Limits...
Severe scalp hair loss in a female patient with acromegaly treated with lanreotide autogel after unsuccessful surgery.

Alvarez-Escola C, Cárdenas-Salas JJ, Pelegrina B, Sanz-Valtierra A, Lecumberri B - Clin Case Rep (2015)

Bottom Line: Scalp hair loss is an underreported adverse event of somatostatin analogs therapy that in severe cases may require treatment withdrawal.It can be related to an acute decrease in GH/IGF-1 levels, but a direct effect cannot be ruled out.

View Article: PubMed Central - PubMed

Affiliation: Endocrinology Department, La Paz University Hospital Paseo de La Castellana 261, 28046 Madrid, Spain.

ABSTRACT
Scalp hair loss is an underreported adverse event of somatostatin analogs therapy that in severe cases may require treatment withdrawal. It can be related to an acute decrease in GH/IGF-1 levels, but a direct effect cannot be ruled out.

No MeSH data available.


IGF-1 and GH levels before and after Lanreotide Autogel (LA) treatment. Hair loss represented in percentage as referred by the patient. Week “0” and “8” indicates the moment of administration of first and second LA doses (Arrows).
© Copyright Policy - open-access
Related In: Results  -  Collection

License
getmorefigures.php?uid=PMC4641480&req=5

fig03: IGF-1 and GH levels before and after Lanreotide Autogel (LA) treatment. Hair loss represented in percentage as referred by the patient. Week “0” and “8” indicates the moment of administration of first and second LA doses (Arrows).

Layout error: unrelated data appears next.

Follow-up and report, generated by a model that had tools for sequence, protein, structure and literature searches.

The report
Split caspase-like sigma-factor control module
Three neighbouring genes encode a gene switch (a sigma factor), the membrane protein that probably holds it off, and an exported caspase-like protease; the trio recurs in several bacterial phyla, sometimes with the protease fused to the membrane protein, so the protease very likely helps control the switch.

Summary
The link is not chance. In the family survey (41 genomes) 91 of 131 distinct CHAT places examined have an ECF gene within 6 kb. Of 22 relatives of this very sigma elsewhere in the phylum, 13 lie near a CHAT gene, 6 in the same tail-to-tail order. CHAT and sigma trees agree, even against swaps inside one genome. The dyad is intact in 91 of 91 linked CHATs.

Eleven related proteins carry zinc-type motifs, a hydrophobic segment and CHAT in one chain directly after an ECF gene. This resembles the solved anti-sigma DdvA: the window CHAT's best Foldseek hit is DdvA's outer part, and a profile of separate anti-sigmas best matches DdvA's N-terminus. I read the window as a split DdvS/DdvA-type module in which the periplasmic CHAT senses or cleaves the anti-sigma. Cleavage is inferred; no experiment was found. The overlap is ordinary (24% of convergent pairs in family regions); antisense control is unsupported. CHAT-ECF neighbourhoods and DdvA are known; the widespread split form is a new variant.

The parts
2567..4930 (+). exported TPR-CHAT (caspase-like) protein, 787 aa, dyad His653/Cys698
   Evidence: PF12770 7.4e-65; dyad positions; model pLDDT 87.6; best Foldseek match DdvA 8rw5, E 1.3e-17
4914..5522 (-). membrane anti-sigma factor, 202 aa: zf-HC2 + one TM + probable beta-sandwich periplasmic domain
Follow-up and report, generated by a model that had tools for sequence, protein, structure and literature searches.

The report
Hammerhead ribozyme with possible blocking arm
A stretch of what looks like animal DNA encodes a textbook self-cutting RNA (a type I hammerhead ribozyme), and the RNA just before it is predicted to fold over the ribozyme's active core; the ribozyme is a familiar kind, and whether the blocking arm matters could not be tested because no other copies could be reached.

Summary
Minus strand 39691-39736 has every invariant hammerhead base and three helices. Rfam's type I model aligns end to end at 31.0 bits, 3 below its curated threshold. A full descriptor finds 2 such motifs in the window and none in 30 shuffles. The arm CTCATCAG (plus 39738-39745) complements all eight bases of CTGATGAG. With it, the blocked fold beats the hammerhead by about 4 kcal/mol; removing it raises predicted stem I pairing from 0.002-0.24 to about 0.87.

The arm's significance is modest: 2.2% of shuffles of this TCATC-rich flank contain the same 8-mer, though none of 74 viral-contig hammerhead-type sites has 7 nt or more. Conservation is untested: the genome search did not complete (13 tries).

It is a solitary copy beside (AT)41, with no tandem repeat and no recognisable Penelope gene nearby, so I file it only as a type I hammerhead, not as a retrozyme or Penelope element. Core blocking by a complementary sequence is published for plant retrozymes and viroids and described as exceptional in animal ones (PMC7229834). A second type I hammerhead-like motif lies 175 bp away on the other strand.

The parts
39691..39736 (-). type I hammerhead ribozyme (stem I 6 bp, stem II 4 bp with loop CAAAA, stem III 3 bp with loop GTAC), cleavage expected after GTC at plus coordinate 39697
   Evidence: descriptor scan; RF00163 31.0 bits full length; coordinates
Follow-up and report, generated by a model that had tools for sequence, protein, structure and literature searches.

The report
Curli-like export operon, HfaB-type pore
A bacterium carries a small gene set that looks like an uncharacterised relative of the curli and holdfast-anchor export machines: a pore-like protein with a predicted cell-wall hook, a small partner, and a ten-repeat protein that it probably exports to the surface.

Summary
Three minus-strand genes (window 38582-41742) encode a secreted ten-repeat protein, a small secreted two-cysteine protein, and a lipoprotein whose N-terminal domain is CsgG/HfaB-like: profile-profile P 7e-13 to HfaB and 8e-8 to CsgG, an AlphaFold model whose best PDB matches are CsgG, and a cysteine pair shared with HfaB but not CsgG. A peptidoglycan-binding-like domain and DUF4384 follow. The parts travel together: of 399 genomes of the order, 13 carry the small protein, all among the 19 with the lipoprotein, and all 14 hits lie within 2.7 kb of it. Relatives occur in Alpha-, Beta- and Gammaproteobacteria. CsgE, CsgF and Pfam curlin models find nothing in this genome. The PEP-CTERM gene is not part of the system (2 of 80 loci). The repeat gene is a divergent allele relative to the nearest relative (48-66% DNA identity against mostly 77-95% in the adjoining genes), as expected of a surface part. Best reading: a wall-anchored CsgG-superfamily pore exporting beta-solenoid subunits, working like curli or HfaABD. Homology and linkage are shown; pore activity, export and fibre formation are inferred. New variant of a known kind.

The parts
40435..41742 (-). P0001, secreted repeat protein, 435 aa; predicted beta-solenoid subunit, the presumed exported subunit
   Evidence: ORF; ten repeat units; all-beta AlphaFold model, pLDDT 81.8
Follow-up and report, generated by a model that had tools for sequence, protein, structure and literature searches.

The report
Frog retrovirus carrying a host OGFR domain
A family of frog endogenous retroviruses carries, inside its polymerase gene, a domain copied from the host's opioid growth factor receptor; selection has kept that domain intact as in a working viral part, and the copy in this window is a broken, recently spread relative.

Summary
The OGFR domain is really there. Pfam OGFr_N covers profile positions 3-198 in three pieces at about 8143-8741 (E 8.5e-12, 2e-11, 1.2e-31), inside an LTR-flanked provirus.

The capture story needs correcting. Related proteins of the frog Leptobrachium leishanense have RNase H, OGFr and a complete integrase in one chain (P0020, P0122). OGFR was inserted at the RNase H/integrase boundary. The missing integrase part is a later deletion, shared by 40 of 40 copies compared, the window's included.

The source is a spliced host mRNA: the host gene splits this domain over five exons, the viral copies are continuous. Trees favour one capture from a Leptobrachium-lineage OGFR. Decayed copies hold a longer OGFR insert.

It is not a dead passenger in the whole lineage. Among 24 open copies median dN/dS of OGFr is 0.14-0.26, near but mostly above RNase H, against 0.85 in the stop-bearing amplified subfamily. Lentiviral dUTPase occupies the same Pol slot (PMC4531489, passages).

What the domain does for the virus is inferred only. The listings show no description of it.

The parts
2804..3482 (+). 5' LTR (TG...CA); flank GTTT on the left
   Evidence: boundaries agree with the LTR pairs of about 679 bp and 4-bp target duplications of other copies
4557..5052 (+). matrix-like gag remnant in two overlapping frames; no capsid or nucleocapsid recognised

Mentions: An endoscopic transsphenoidal surgery (TS) was performed and histopathologic study confirmed a pituitary adenoma with GH- and PRL-positive immunohistochemistry. Two months later IGF-1 levels were still high (993 μg/L), and no GH suppression, after a 75-gr oral glucose tolerance test (OGTT), was observed (Basal GH: 8.66; GH-Nadir: 6.82 μg/L). LA, at a dose of 120 mg every 56 days, was then prescribed. She reported abdominal discomfort and diarrhea within the first 15 days of treatment, with no other signs or symptoms. An excellent biochemical response was found after 111 days of treatment (IGF-1: 221 μg/L; GH: 0.48 μg/L), but 4 days after the second dose, she noticed a progressive diffuse scalp hair loss (Figs. 2). We ruled out other causes of alopecia: testosterone, DHEAs (Dehydroepiandrosterone sulfate), 17-OH progesterone, and thyroid hormone levels were normal, and no signs of infection were present in the scalp. After examination, we concluded that she had a nonscarring diffuse hair loss, affecting the scalp globally, and more compatible with Telogen effluvium. There was no evident loss of brows, lashes, or body hair. The intensity of hair loss increased, and psychological disturbances related to these new appearance changes obliged us to suspend the treatment, such that the third or subsequent doses were not administered. A new MRI showed remains of adenoma 6 months after the first TS. IGF-1 levels rose again, and hair loss improved considerably 5 months later, without any other treatment than LA withdrawal (Fig. 3). The disease persisted active (IGF-1: 775 μg/L; GH-nadir 1.98 μg/L after a 75-gr OGTT) after a second endoscopic TS, although no remains of adenoma were found in a postsurgical pituitary MRI. Cabergoline in increasing doses was then prescribed, showing a slow decrease in IGF-1 and GH levels. A complete biochemical response was achieved after 18 months of cabergoline therapy (IGF-1: 230 μg/L; GH 1.4 μg/L) and hair loss reappeared coinciding with the increase in cabergoline dose, however, it was not as severe as in case of Lanreotide treatment.